When it comes to energy efficiency Australian homes have, historically, performed pretty poorly. But even though it will take decades to replace existing housing stock with homes that comply with current energy efficiency standards, plenty can be done in the meantime to improve home energy performance.

Around 370,000 home renovations are undertaken in Victoria alone each year, and around half of Australia’s home owners expect to renovate their existing home within the next four years. This provides an opportunity to substantially improve the energy performance of both the new and existing parts of the house. Yet research undertaken by Sustainability Victoria shows that:

  • 40% of Victorian renovators fail to fit wall insulation and 72% also fail to add floor insulation.
  • 30% of homes do not have adequate door seals.
  • 56% have inefficient lighting.
  • Only 24% of renovators chose to replace existing windows with double glazed windows.

To help lift the performance of home renovations Sustainability Victoria (SV) has created the Smarter Renovations program. It comprises a number of tools that renovators can use to help plan all types of renovations. And while it is aimed at Victorians, renovators everywhere can benefit from the same tools and adSmarvice.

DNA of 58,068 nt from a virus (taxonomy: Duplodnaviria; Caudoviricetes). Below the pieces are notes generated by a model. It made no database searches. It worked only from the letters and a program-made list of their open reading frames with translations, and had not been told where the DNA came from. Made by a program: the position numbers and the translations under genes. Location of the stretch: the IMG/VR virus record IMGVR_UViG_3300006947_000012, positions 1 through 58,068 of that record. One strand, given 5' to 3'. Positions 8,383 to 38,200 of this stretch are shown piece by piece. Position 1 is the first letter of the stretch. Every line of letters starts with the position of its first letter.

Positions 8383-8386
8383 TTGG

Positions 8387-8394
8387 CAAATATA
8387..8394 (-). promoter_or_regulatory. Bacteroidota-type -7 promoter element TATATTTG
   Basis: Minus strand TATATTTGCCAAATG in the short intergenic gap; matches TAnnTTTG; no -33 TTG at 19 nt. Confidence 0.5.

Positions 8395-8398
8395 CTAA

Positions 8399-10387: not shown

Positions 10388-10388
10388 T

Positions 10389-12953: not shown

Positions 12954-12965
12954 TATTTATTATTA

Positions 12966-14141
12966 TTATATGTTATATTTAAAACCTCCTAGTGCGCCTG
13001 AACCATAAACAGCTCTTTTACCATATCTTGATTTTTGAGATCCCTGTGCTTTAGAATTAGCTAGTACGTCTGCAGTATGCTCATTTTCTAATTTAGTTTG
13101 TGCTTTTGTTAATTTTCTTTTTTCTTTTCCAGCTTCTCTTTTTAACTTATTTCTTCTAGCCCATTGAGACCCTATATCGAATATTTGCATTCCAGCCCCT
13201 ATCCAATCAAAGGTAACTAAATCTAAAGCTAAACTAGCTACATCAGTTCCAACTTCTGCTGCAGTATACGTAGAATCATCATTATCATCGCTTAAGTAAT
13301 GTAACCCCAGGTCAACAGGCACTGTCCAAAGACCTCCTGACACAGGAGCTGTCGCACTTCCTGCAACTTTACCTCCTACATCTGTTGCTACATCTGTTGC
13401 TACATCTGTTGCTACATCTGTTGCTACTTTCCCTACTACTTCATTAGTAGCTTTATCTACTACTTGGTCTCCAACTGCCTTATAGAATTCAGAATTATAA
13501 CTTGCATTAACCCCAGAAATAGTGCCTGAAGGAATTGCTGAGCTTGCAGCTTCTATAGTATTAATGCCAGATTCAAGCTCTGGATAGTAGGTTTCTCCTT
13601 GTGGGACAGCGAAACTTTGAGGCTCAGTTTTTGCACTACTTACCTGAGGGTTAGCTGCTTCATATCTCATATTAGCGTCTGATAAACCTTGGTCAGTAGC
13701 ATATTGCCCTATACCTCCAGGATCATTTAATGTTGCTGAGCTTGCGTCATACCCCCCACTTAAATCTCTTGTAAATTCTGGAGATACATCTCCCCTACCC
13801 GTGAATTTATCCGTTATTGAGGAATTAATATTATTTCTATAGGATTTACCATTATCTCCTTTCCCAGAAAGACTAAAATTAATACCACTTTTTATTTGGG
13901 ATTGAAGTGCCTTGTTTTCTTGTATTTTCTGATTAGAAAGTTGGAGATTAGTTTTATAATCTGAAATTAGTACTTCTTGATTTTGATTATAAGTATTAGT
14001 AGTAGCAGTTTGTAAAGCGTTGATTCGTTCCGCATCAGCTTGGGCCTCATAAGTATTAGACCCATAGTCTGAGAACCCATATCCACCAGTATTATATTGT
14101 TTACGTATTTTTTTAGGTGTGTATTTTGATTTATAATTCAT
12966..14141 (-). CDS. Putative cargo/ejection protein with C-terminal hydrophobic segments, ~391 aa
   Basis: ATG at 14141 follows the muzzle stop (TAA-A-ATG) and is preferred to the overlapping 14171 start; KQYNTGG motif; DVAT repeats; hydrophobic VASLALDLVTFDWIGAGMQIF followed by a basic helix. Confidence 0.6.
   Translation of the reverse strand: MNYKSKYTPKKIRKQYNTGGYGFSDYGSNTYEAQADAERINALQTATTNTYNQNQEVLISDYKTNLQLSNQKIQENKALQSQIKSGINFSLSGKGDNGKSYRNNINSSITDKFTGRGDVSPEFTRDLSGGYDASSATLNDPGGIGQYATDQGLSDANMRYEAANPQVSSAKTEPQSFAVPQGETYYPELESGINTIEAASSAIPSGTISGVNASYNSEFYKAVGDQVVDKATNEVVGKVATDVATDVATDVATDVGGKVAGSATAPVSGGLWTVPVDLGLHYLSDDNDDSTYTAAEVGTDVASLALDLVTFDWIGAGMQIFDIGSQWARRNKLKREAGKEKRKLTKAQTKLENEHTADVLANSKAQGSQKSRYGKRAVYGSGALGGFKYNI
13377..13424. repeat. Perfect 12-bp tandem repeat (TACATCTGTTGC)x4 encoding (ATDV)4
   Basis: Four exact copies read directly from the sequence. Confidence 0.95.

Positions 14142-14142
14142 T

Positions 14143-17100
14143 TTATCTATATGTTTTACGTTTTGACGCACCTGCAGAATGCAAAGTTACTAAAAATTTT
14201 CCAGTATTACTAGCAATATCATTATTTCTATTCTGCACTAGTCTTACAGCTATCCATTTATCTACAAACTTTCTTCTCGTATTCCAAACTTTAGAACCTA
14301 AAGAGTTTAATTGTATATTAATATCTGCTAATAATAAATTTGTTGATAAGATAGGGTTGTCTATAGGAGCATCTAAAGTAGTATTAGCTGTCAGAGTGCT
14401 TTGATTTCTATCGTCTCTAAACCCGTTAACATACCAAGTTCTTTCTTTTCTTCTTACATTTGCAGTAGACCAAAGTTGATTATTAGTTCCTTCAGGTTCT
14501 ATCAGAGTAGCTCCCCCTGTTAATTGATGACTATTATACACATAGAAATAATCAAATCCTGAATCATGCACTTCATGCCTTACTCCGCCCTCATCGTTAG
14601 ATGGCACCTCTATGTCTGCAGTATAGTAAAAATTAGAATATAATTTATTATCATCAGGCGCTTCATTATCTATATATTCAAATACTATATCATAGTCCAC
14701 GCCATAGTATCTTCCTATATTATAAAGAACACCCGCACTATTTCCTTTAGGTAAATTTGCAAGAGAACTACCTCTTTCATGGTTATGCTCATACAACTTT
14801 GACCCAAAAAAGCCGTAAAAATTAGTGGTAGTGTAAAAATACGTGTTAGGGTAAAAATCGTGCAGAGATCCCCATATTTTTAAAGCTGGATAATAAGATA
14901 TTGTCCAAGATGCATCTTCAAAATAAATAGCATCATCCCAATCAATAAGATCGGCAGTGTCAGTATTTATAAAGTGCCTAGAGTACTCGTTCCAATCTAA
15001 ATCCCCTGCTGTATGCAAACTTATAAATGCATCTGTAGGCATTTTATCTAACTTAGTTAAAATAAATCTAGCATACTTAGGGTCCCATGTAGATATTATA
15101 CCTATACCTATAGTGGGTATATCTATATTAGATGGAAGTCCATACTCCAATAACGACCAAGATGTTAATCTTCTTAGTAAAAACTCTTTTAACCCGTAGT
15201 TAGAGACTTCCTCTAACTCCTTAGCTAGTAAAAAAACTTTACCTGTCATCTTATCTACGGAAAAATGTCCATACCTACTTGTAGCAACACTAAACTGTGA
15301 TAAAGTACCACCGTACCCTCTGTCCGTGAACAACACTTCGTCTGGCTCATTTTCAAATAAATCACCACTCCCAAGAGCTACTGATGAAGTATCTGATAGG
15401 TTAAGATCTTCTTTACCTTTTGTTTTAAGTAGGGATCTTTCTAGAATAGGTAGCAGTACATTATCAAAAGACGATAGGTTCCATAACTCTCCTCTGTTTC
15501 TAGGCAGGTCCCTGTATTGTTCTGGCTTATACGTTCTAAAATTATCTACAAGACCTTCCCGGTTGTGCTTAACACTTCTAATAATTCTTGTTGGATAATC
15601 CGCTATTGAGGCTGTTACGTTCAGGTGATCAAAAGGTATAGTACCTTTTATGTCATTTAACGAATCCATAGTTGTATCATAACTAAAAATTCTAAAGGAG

The Smarter Renovation Planner will, in just a few minutes, give you an idea of not just the cost of different options for improving energy performance, but the annual savings off your energy bills too. Should you improve insulation? Install double glazing? Upgrade your lighting, install draught-proofing or upgrade appliances? The planner will help you decide.

Then it’s time to peruse the inspiring case studies of actual renovations, tour the tips for different house types and download Your Guide to Smarter Renovations.

Even if you aren’t planning a renovation, take a quick tour of the Smarter Renovations website. Simple things like sealing cracks and checking that your insulation is up to scratch hardly qualify as “renovations”, but can deliver big savings in energy for a small outlay. And as SV points out, an energy efficient home isn’t just cheaper to run. It’s more comfortable to live in too.

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